Life Comes At You Fast
Explaining My Terrible Tattoo To My Kids Reminds Me Of What I Owe My Mom
A comic essay.
She was horrified when she first saw it. I can picture my attitude, a pissy young man: I’ve done what I’ve done, deal with it. My infamous target tattoo, this ridiculous bullseye, a patchy big-box superstore logo, placed just a little too low on my arm to even work for those flu shots. It distressed my mother in a way I couldn’t understand at the time.
I didn’t get it to be cruel to her, it wasn’t about that. It wasn’t my mother I was angry at. The tattoo was for me. I needed a way to tell myself I was my own person, autonomous, an independent young man, making his own choices. It was important to me to feel like there was something I could control in my life, no matter how small.
I didn’t go to a high-end tattoo parlor to have it done, the sort of place with a good reputation, where you have to book an appointment ahead of time and get yourself put on a waiting list. The decision to have it done was impulsive, and I just went to the closest option I could find, a biker bar on Route 22 near Bound Brook, New Jersey. I can’t remember a lot about the gruff man who did the job, but I’m positive he wasn’t much of an artist. I asked him, while he was buzzing and sawing away at my arm, what do you think of the design? He shrugged and said, seems cool.
It looked terrible from the moment he finished. The solid blacks were patchy — there was never a point when the thing didn’t look blotchy and faded. I wouldn’t be upset like my mother if my own children ever made the decision to get themselves inked, but, as something of an artist myself, I would be appalled it they ever came home sporting something looking so amateurish.
These days my mother and I can laugh about the bullseye. We laugh about how much more faded and patchy it has become, how much I regret it, hate having to explain it, and most of all the comedy of her reaction. We don’t talk too much about where I was in those days, what me getting that tattoo was really all about. The ways in which I was mad at the world. The ways I felt my life was not panning out as I’d hoped.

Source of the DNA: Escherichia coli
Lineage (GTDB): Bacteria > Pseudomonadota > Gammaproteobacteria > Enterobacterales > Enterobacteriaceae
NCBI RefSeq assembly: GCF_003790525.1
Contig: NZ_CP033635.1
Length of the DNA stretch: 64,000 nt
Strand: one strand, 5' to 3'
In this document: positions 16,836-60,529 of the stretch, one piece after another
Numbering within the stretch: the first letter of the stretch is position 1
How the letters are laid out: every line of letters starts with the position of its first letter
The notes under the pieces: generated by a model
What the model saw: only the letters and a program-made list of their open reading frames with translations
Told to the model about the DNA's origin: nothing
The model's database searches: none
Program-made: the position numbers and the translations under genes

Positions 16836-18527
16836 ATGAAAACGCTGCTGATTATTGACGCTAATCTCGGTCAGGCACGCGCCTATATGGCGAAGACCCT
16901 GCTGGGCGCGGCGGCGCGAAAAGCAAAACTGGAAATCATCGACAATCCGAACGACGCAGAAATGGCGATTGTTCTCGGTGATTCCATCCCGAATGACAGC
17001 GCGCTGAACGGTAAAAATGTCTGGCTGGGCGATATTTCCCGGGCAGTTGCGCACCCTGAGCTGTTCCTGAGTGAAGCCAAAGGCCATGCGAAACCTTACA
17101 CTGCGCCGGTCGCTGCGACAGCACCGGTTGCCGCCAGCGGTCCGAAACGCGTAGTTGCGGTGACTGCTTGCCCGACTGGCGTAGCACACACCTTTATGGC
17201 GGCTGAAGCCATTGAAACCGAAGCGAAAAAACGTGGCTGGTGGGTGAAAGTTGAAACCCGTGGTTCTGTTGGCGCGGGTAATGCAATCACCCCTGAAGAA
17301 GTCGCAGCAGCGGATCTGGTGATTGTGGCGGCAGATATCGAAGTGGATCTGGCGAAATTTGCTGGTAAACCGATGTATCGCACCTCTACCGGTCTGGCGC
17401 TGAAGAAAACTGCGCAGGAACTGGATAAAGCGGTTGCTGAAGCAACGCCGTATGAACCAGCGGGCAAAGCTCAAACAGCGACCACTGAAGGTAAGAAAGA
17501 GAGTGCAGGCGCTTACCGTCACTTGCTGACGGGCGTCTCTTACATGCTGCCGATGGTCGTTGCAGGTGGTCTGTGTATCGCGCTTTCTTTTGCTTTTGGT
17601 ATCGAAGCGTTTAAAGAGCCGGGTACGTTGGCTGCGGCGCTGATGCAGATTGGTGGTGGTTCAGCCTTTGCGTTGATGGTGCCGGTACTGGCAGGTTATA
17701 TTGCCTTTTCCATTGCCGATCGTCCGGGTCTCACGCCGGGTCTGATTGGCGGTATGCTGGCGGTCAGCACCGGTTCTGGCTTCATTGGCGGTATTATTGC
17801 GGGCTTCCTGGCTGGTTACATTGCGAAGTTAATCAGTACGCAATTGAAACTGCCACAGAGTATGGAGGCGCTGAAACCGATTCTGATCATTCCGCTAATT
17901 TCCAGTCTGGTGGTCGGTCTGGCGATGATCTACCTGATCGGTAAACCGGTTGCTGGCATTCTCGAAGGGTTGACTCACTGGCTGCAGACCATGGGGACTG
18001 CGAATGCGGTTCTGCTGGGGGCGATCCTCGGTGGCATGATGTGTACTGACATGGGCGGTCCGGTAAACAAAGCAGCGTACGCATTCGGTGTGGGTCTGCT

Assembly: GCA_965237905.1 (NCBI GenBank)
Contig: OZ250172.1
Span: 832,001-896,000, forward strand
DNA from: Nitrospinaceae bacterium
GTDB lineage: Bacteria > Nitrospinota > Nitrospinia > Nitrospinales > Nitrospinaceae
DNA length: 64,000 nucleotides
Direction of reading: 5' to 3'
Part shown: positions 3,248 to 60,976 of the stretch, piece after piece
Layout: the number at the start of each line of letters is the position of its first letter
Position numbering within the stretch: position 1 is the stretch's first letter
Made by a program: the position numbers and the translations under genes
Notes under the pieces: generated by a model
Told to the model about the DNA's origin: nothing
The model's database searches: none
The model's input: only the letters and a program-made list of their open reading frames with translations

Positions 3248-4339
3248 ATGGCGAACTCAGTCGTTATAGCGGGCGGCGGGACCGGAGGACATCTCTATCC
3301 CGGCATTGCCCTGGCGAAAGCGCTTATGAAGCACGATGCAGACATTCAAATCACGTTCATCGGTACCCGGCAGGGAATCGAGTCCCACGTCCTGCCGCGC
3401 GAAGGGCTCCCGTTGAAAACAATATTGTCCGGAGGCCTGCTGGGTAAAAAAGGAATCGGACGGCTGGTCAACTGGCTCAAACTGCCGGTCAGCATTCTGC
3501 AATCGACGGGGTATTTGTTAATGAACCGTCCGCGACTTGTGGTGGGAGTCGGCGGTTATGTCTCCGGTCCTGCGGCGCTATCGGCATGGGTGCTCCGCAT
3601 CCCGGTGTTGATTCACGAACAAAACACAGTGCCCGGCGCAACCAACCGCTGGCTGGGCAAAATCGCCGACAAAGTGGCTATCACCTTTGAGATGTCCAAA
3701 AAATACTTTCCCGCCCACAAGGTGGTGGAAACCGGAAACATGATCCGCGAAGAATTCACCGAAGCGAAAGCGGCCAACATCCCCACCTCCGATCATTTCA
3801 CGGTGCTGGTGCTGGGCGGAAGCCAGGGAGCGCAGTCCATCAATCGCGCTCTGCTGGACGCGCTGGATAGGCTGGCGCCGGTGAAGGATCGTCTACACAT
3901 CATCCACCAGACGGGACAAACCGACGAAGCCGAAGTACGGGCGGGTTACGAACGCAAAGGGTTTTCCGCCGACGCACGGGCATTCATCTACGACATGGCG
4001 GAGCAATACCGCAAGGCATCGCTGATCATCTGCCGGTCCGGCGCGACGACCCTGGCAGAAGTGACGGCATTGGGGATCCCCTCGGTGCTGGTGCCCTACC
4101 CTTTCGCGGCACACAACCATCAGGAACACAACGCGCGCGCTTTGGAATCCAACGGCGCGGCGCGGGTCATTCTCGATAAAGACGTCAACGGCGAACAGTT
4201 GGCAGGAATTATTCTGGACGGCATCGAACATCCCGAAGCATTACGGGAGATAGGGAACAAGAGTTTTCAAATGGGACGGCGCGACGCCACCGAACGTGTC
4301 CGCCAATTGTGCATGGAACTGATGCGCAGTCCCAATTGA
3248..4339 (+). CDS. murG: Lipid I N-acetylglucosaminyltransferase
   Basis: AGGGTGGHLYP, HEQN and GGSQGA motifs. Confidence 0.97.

I wonder, when we’re laughing now about this silly bullseye, when she sees it at the beach, does it bring her back to that time too?
Explaining the meaning behind my tattoo is embarrassing, because to be honest, the reasons I had to be mad at the world are embarrassing. Unlucky in love. Few career prospects. The aforementioned moving back in with my parents. Nothing remarkable, nothing so far out of the ordinary. Just another young man with big expectations for himself in this world, furious to be deprived of the things he felt he deserved. It makes me cringe to put into words. I can safely say, from this present day vantage point, I don’t like that person, that toxic, entitled former self. But, he was me, and that can’t be changed.
And those unremarkable problems of mine could easily be the same problems of my children in the years to come. They’re the kinds of problems that young adults regularly encounter. My kids will one day have their hearts broken, they will likely struggle to establish themselves in careers, they may have to one day move back home at an age when they thought they would have left for good. They too might feel that the world hasn’t delivered to them the things they’d hoped. Won’t I be there for them then?
My mother was there for me. She took me back in, no questions asked. She gave me the space and comfort to start figuring things out. She never made me feel less than for having failed, for having stumbled. She never picked apart my life choices or criticized me for choosing an impractical major. I can honestly say, I never got the feeling from my mother that she wanted anything more from me than to find happiness, no matter how long it took. I wonder, when we’re laughing now about this silly bullseye, when she sees it at the beach, does it bring her back to that time too?
I often repeat the line that a tattoo is a permanent reminder of the person you once were. The same could be true for the people who knew you then. A tattoo can take other people back, even if it’s not them that it’s on.
Does the bullseye jog memories for my mother, about the person I once was, does she recall having a son who seemed so adrift? Who just needed help getting back on his feet and eventually back out the door? Does the tattoo still horrify her? Or does she now just see it as another part of me. A part of my past, as well as a small part of hers.
I got inked at a time when I needed to assure myself I was someone who could make permanent decisions and live with them. An effort to assert myself, even in the smallest of ways. And even though she hated the tattoo, it was with my mother’s help, I understand now, that I eventually could. When I look at this tattoo, this dumb patchy ugly bullseye that I regret getting, I am reminded of all of that, too.